No matter what legislation comes out of the frenzied health care debate, economists say that it will cost the American taxpayer a great deal. Estimates run the gamut from the Obama administration’s claim that it will be paid for by cuts on existing programs to the conservatives’ assertion that reform will cost us close to a trillion dollars over the next ten years. The public will probably spend several hundred billion dollars over the next decade or so to make the necessary changes that have been highlighted over the course of the debate, with or without the reform bill. Alternatively, the current rise in health care use will inflate national costs nearly as much as the price of any reform would.
A large number of the infirmities and chronic and fatal illnesses in the United States are based on behavior, rather than accidents or genetics. This is the reason we have a “sin tax” on tobacco and alcohol: to compensate the costs in the health care system for the damage these products do. One of the proposals to cover health care costs is to impose a sin tax on the foods that increase the epidemic of obesity, diabetes, high blood pressure and heart attacks, and cost the health care system billions of dollars per annum.
24/7 Wall Street analyzed the four most dangerous ingredients in food (sugar, trans fat, saturated fat, and sodium) and estimated a sin tax for each of these. The tax could serve to curb consumption of disease-causing substances and as a way to make those who make bad choices compensate the government and responsible citizens who have to pay higher insurance premiums. These proposals will have an enormous impact on the major producers and distributors of foods if Congress passes any of these measures. 24/7 Wall Street evaluated the companies that produce and distribute the foods and beverages that are likely to make people unhealthy. We analyzed the impact a sin tax would have on these 12 corporations and estimate the amount in taxes their products would produce for the government to be use to finance the health care reform.
24/7 Wall Street estimates the government could collect $17.54 billion dollars each year from the four proposed sin taxes from these 12 companies that produce the most unhealthy substances in our foods. Making the reasonable assumption the 12 corporations comprise no more than ¼ of the total sales of sugar, salt, trans fat and saturated fat in the United States, this means the total collected sin tax each year will come to over $70 billion.
The foods that are the absolute worst for people normally have some dietary function. People need calories, cholesterol, and even fat in some measure. According to the USDA, the FDA, and most other nutritional guidelines, the only substance or chemical commonly found in food that shouldn’t be eaten in any amount is trans fat. It contributes to heart disease, obesity, increases “bad” cholesterol, and has no notable benefit whatsoever. Some studies have also linked transfats to Alzheimer’s, liver dysfunction, some forms of cancer, and infertility in women. It is effectively illegal in both Denmark and Switzerland to sell food products containing trans fat. In 2006, New York City banned restaurants from using anything greater than .5 grams per serving. Other major American cities, including Philadelphia and Chicago, have followed this example.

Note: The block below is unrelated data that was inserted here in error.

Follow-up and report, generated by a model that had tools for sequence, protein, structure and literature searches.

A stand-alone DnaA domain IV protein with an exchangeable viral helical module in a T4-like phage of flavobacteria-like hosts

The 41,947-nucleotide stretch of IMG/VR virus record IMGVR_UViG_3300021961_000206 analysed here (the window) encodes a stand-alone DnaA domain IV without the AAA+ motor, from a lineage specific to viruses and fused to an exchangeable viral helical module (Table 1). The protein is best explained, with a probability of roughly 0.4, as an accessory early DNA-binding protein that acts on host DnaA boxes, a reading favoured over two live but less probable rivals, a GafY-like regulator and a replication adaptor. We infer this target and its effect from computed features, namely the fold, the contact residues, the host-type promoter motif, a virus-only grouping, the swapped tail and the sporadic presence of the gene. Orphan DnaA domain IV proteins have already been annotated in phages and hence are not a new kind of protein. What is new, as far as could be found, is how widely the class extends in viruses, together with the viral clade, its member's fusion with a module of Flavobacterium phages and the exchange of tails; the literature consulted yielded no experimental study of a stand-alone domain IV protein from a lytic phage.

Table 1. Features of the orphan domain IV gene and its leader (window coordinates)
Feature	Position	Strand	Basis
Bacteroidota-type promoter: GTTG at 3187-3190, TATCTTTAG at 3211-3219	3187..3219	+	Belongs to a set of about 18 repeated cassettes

Using the NYC ban as a template, any food that contains .5 grams of trans fat or more is taxed 15% of the price.
1) Yum Brands – YUM owns a sizeable chunk of America’s secondary fast food chains with $10.8 billion in sales and nearly 350,000 employees. Almost all the trans fat Americans consume comes from artificially hydrogenated vegetable oils used in frying fast food, snack foods, and baked goods. Several of the biggest names on its roster rely especially heavily on fried food (KFC, A&W, Long John Silvers, and Taco Bell.) While you can find it in most fast food, deep-fried meat is one of the biggest ways we get trans fat into our systems.
Despite a portfolio entirely in fast food, Yum Brands owns KFC, which has a trans fat-free menu. However, their other major divisions – Long John Silvers and A&W – still have a menu full of items with 4-5 grams of the dangerous substance. Yum! had 3.7 billion in domestic sales last year. 24/7 Wall Street calculates the sin tax will yield $636 million each year from Yum! Products.
2) McDonald’s (MCD) – The largest fast food corporation in the world is also the target of health proponents and politicians. The chain has had many novels and several feature films made about the health consequences of consuming their products. McDonald’s might be the single largest culprit for trans fat distribution in the United States with its $22 billion in revenue in the last year.
McDonald’s has begun to modify its menu, and the company’s french fries are now trans fat-free in the states. This evolution towards healthy foods doesn’t extend to most of the chain’s meat-containing products, and an extra 15% tax for some of the popular items may limit the popular “dollar menu” to salads and yogurts. Because of its size and profitability, if any fast food chain is going to survive a cultural nutrition shift, it’s MCD. $4.2 billion domestic sales. Annual sin tax: $1.17 billion.
3) Wendy’s/Arby’s Group Inc. (WEN) – This is one fast food company that might be severely damaged by the fallout from the trans fat tax. The most popular menu items at Wendy’s and Arby’s (the burgers and roast beef sandwiches, respectively) all exceed the minimum of .5 grams. With a relatively small 67,000 employees and $3.5 billion in sales, the conglomerate can’t afford to take a hit based on a new domestic tax and afford to compete with Mickey D’s. $3,198 billion in domestic revenue – sin tax revenue: $432 million.